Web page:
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Messrs. A. and S. Gatti began their annual series of Promenade Concerts on Saturday night at Covent Garden Theatre, where a crowded audience assembled…

The concert on Saturday offered a fair example of what is to be expected on ordinary occasions in the course of the series. Mr. Sullivan, on reaching the conductor’s desk, was honoured by the cordial greeting due to the position he enjoys among our native artists. The man who has given us not only Cox and Box, the Contrabandista, Trial by Jury, the Sorcerer, and H.M.S. Pinafore, each in its way unsurpassed, but also the Tempest music, Kenilworth, the Symphony in E minor (sic), the overture, In Memoriam, the Anthem (sic) to commemorate the recovery of the Prince of Wales, and, last not least, such an oratorio as the Light of the World, is no common labourer in the field of art, and merits all the distinction that may be conferred upon him…

Mr. Edward Lloyd carried the whole audience with him in Frederic Clay’s pretty ballad from Lalla Rookh, “I’ll sing thee songs of Araby,” and Mr. Arthur Sullivan’s plaintive “Once again,” in both of which he was encored. In lieu, however, of singing “Once again,” again he substituted another song from the same pen, “Oh, take this flower, my love,” [Sweethearts] which met with no less favour, and was accompanied on the piano by the composer.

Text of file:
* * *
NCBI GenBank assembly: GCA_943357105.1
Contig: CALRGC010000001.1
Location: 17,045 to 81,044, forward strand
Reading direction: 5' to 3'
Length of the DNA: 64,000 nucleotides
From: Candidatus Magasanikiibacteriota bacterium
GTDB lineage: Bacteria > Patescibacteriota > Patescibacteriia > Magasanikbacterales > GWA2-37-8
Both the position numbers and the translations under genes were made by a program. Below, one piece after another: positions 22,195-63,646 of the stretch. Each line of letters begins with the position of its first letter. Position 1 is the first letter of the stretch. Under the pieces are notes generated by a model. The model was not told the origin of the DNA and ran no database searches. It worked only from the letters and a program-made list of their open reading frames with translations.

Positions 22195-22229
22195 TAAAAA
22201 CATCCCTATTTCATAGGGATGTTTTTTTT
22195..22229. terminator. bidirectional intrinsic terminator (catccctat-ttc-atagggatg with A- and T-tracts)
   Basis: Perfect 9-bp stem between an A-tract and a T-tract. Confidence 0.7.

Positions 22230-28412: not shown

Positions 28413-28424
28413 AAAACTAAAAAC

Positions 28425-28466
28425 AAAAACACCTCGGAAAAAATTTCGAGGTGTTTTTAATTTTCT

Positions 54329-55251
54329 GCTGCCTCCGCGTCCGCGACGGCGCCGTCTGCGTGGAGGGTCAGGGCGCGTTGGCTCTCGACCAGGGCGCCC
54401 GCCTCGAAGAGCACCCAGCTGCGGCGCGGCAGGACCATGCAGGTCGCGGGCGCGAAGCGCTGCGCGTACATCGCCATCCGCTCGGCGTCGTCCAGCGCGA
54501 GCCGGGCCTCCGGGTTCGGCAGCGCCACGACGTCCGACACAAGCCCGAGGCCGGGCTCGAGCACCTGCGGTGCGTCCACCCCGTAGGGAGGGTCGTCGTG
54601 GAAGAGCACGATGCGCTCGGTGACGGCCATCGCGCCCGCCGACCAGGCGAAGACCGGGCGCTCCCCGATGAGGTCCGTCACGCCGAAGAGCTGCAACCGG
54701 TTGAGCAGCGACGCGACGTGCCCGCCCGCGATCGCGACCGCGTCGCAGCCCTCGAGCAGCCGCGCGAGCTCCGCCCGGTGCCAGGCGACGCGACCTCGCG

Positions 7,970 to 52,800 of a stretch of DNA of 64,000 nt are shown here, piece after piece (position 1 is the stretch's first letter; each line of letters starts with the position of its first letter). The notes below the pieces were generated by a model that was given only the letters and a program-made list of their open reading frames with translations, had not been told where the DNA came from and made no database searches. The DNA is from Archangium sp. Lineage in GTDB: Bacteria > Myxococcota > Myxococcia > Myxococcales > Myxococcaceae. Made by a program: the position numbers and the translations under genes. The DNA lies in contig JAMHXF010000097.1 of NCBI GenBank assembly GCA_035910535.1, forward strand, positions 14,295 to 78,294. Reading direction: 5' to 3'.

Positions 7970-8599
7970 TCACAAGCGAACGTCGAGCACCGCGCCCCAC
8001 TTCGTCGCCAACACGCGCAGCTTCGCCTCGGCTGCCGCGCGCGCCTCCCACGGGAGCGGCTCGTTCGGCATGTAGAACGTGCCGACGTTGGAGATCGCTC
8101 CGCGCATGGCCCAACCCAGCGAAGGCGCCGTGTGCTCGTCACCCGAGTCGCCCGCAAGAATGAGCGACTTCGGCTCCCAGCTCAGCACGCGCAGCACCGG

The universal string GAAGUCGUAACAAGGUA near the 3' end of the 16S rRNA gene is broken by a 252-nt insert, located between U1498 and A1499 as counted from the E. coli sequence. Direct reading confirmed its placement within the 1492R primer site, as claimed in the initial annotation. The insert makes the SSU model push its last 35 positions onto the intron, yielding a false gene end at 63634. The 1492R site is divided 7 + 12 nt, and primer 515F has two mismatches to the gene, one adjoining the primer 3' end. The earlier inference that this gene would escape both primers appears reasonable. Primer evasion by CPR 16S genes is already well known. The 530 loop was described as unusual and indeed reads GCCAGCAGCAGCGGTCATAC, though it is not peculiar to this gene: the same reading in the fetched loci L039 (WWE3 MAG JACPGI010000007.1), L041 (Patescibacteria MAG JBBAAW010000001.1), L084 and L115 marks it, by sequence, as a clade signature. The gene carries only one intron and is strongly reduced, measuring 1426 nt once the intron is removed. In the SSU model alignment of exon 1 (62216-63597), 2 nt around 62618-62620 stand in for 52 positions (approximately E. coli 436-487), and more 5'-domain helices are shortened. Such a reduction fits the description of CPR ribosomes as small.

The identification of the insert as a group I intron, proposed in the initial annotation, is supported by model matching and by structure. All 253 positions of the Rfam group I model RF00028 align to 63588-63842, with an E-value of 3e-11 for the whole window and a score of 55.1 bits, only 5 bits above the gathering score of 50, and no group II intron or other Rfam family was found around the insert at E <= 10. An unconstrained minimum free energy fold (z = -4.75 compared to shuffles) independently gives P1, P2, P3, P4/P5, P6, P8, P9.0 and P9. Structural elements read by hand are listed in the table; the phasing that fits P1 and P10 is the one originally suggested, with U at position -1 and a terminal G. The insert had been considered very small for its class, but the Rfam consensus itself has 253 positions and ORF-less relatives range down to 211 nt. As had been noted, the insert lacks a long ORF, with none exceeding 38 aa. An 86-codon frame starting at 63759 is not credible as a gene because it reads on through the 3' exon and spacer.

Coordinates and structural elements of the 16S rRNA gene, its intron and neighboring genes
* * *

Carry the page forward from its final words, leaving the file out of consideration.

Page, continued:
We must be brief in our remarks upon the second part of the concert which began with a very showy selection from Mr. Sullivan’s comic opera, The Sorcerer, for full orchestra, associated with the band of the Coldstream Guards, under the able direction of Mr. Fred Godfrey. Among the themes comprised in this selection were the Bridesmaids’ chorus; Aline’s song, “Oh, happy young heart;” the tender apostrophe of Constance, “When he is here I sigh with pleasure;” the quintet, “I rejoice that it’s decided;” the chorus, “Now to the banquet we press” – which forms part both of the first and last finales, &c., The whole is put together by Mr. George Jacobi (of the Alhambra) with ingenuity and happy effect, and the melodies are so frank and telling that the fantasia sounds bright and catching from end to end.

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